Animals.

NOD/SCID-β2m−/− mice were bred and maintained in microisolator cages and provided with autoclaved food and water. Mice were irradiated at 8–10 wk of age with 350 cGy 137Cs γ-rays. Cells were injected into mice intravenously a few hours after they had been irradiated. Mice were monitored daily for signs of weight loss or lethargy. Peripheral blood was collected every 1–2 wk, and leukocytes were analyzed by FACS as previously described (46). For tumor formation studies, 10 million cells were injected subcutaneously into the left and right flank of mice, and the mice were monitored daily for the tumor growth. The tumor volume was calculated from the greatest transverse (width) and longitudinal (length) diameter of the tumor using the formula: tumor volume = length × width2/2. All animal experiments were performed in the Animal Resource Centre of BC Cancer Research Centre, and the procedures used were approved by the Animal Care Committee of the University of British Columbia (Vancouver).

Statistical analysis.

Results are shown as the mean ± SEM of values obtained in independent experiments. Differences between groups were assessed using the Student's t test for paired samples.

Online supplemental material.

Fig. S1 shows that overexpression of Ahi-1 confers growth advantage on BaF3 cells and enhances effects of BCR-ABL with increased protein expression and tyrosine phosphorylation of p210BCR-ABL. Fig. S2 shows that Ahi-1 and BCR-ABL–transduced cells purified from BM cells of diseased mice have increased proliferative and antiapoptotic activities and these effects can be enhanced by BCR-ABL.

© 2008 Zhou et al. This article is distributed under the terms of an Attribution–Noncommercial–Share Alike–No Mirror Sites license for the first six months after the publication date (see http://www.jem.org/misc/terms.shtml). After six months it is available under a Creative Commons License (Attribution–Noncommercial–Share Alike 3.0 Unported license, as described at http://creativecommons.org/licenses/by-nc-sa/3.0/).

Abbreviations used: Ahi-1, Abelson helper integration site 1; BFU-E, burst-forming-units-erythroid; CB, cord blood; CFC, colony-forming cell; CFU-GEMM, colony-forming units-granulocyte-erythrocyte-monocyte-megakaryocyte; CFU-GM, colony-forming units-granulocyte-macrophage; CML, chronic myeloid leukemia; co-IP, coimmunoprecipitation; Dox, doxycycline; DS, dasatinib; GF, growth factor; IM, imatinib mesylate; IRES, internal ribosomal entry site; LTC-IC, long-term culture-initiating cell; NL, nilotinib; Q-RT-PCR, quantitative real-time-PCR; PI3K, phosphatidylinositol 3-kinase; SFM, serum-free medium; TKI, tyrosine kinase inhibitor.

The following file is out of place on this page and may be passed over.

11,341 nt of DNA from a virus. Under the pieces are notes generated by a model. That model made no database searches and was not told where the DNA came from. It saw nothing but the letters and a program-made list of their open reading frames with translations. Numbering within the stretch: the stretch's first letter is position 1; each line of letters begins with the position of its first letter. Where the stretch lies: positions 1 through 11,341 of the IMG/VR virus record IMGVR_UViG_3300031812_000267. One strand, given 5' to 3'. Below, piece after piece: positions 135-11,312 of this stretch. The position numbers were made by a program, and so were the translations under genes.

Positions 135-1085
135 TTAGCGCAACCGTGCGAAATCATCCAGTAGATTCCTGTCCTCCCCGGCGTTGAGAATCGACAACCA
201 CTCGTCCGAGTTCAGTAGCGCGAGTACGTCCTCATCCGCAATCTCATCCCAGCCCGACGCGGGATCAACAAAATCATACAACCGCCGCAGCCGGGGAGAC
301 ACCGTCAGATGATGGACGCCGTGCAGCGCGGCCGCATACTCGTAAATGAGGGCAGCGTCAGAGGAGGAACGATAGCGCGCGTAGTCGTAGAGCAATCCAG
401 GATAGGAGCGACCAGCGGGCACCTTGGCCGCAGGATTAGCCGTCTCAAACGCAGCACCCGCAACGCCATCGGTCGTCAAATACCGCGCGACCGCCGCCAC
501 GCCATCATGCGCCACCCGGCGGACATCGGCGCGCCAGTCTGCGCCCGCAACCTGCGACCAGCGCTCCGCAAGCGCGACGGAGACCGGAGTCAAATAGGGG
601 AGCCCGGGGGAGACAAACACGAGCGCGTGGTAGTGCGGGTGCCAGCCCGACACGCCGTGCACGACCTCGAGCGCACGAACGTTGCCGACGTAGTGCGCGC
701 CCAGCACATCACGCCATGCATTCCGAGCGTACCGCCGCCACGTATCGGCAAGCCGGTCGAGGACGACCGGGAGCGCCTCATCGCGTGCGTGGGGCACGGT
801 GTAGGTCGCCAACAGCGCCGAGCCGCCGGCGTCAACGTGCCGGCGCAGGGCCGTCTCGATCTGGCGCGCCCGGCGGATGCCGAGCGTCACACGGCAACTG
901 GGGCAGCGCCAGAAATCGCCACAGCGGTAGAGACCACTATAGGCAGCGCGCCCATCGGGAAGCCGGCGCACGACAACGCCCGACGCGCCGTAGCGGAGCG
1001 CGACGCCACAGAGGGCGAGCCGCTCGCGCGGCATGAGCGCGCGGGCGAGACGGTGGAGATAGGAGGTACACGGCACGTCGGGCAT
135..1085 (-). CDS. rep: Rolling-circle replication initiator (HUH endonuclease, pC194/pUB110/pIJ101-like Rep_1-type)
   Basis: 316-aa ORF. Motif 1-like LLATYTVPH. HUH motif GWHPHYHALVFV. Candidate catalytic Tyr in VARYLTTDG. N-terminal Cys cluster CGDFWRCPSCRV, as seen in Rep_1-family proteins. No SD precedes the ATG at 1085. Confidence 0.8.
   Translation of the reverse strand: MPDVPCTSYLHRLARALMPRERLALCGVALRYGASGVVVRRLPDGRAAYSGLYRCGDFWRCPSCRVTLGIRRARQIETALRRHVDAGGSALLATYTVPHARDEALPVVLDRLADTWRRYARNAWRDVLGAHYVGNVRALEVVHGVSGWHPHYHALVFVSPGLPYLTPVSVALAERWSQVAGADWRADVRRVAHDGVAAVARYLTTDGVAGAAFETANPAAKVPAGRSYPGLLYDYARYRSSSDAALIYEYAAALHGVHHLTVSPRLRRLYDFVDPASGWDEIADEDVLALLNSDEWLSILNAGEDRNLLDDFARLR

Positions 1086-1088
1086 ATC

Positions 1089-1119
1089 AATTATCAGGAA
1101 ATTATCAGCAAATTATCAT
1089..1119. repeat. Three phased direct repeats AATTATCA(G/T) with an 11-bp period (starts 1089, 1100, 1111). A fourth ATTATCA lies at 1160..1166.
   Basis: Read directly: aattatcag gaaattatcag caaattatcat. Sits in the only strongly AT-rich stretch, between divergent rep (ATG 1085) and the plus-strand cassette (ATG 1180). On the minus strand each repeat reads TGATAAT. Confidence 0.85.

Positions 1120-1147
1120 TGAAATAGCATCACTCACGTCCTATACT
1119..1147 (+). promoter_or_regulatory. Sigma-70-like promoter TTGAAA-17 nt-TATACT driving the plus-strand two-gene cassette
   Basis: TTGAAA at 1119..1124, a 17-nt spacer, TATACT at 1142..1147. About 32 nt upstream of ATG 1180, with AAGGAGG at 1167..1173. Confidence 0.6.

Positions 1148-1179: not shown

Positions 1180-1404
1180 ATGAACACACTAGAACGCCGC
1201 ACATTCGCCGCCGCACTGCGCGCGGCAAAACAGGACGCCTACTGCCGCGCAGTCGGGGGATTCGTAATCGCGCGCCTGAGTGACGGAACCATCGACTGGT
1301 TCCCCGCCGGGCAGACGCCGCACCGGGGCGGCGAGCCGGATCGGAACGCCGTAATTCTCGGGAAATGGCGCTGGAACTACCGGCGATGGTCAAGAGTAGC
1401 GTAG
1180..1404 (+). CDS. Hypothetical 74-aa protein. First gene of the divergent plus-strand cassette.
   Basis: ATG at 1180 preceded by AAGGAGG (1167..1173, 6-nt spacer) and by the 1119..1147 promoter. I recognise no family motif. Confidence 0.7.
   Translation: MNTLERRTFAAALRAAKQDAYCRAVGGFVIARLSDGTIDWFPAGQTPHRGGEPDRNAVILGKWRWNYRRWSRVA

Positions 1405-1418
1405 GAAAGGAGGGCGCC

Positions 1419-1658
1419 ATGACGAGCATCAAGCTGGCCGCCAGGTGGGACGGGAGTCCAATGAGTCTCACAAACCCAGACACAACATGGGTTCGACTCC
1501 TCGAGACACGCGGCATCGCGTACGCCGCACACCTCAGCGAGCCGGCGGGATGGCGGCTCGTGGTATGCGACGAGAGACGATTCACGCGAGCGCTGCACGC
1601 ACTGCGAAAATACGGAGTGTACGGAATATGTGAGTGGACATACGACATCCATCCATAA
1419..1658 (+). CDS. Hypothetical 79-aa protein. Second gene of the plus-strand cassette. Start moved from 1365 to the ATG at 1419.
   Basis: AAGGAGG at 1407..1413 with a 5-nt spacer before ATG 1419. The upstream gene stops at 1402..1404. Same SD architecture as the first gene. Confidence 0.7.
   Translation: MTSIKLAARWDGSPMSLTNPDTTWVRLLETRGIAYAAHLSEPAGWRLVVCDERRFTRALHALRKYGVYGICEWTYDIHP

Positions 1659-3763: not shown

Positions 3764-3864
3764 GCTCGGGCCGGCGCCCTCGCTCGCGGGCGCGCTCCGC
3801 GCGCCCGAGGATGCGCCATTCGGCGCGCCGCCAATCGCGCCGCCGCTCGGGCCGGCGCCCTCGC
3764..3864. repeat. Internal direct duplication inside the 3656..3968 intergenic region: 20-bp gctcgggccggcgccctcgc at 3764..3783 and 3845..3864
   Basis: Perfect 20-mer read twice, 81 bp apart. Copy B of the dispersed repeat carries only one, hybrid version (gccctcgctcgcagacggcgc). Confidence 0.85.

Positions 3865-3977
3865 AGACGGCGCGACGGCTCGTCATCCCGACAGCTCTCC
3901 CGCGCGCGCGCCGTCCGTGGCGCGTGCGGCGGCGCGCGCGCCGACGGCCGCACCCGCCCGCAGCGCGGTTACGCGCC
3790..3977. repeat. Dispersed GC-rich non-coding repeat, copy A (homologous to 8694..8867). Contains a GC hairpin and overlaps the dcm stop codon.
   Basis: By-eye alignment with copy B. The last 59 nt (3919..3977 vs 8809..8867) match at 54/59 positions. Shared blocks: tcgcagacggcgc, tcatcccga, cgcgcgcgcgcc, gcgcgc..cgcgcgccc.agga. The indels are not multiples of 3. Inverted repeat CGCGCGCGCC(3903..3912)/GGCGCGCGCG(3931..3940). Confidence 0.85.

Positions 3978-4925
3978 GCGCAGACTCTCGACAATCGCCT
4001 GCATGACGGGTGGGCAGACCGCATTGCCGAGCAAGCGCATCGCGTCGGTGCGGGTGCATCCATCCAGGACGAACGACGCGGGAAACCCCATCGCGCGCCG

Acknowledgments

The authors thank K. Saw and K. Lambie for excellent technical assistance; Dr. D. Forrest and other members of the Leukemia/Bone Marrow Transplant Program of British Columbia for providing patient samples; the Terry Fox Laboratory FACS Facility for assistance in cell sorting; the Stem Cell Assay Laboratory for cell processing and cryopreservation of normal and CML samples; Novartis for imatinib and NL; Bristol-Myers Squibb for dasatinib; and Dr. C. Eaves for useful discussion.

This work was supported by grants from the Cancer Research Society and in part by the Leukemia and Lymphoma Society of Canada (X. Jiang). Y. Zhao was a recipient of a Stem Cell Network Fellowship and a Leukemia and Lymphoma Society of Canada Fellowship and A. Ringrose was a recipient of a BC Cancer Studentship. D. DeGeer received a Medical Genetics Graduate Entrance Studentship from University of British Columbia and a BC Cancer Agency Recruitment Training Incentive Studentship. E. Kennah was a recipient of a Medical Genetics Graduate Entrance Studentship from University of British Columbia. X. Jiang is a Michael Smith Foundation for Health Research Scholar.

The authors have no conflicting financial interests.